Uncategorized

accessibility redefined

In this article in GOOD magazine, Alexandra Lange argues for the ways cities would benefit from taking parents’ interests seriously:

When urban parents, particularly mothers, complain about the public realm, they are often caricatured as whiny and overprotective. Your child was burned by the climbing domes at the new park? Kids are too coddled. You can’t carry your stroller and child down the subway steps? Make him walk. You can’t find a public bathroom? Stay at home. But what if the mothers, in many cases, are right? Access to safe, green open space, to accessible transportation, to clean bathrooms and places to rest are not solely the needs of children. What if catering to our youngest citizens, rather than dismissing them, would help us all live happier, healthier urban lives?

An article in The New York Times this summer detailed an initiative, spearheaded by the New York Academy of Medicine and Deputy Mayor for Health & Human Services Linda Gibbs, to make New York more “age-friendly.” Longer walk signals, more public restrooms, minimizing corner puddles, “perches” in stores on which to take a break.

All these measures sounded admirable—but they would improve the lives of more than the elderly. The incentive to fix New York for seniors is money: According to the AARP, a third of the nation’s population is over 50, but they control half the discretionary spending. Kids don’t have cash, but their parents and grandparents certainly do, and more families staying in the city would have general economic and social benefits.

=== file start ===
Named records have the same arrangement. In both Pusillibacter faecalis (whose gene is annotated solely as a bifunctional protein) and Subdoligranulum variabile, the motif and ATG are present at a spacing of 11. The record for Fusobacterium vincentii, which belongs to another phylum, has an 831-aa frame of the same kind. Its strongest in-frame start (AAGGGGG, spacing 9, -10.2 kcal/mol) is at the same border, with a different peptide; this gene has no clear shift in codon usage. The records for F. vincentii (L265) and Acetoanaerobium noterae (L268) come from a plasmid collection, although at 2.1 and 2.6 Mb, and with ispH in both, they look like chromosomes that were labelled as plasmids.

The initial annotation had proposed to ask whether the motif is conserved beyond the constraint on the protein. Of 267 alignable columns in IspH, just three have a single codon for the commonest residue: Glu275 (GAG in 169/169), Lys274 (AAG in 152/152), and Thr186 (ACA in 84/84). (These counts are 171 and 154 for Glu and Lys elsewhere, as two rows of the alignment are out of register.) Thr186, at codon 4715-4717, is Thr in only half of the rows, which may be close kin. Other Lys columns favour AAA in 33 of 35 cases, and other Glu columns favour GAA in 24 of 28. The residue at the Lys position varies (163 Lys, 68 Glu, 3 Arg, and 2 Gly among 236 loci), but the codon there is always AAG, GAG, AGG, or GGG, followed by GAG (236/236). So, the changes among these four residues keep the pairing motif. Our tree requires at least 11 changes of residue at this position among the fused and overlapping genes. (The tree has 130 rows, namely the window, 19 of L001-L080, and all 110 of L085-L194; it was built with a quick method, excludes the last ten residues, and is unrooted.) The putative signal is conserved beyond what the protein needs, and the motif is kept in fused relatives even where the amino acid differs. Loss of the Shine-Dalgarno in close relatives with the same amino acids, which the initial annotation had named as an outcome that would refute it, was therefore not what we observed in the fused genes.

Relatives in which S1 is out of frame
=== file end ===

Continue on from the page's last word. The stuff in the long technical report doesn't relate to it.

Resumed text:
And Lange doesn’t miss the link to disability issues:

Sensible improvements to public transportation would also allow more people to be more mobile. On the subways, seniors, kids, the handicapped, and the able-bodied with luggage, carts, and bikes would all benefit from elevators direct from platform to street[.]

Right. And how about these “family” bathrooms, now too rare, mostly limited to airports and museums and the like? Their extra size accommodates families—and if you’re a city parent of young children, you know their value. But they also create access for anyone using equipment or needing assistance to get around, or hauling luggage or heavy gear.

[image via]

This is how the conversation about accessibility—now limited to code mandates and ramp lengths—should evolve into a conversation about access, writ large. If it’s true that by 2030, 60% of us will be city-dwellers, it’s worth reconsidering the standard structures created for wheelchair access, and thinking much more broadly about cities that work. It’s these applied examples that embody the aspirations of universal design. Here’s the kicker from Lange:

Seniors and juniors aren’t the only groups whose interests align, but are balkanized in their advocacy. Children could lead cyclists, developers, school officials, and health nuts to their more perfect city, if only we would listen.

Balkanization is what plagues advocates for disability rights, too. A bit more imagination about the multi-user possibilities in new design could reveal the shared benefits of accommodation for so many more people.

It’s tricky, though. Linda Layne, co-editor of Feminist Technology, writes that feminists have been reluctant to side with disability rights groups for better built environments, in part, because of women’s hard-won historical fight to resist the idea of reproductive capacity as inherently disabling.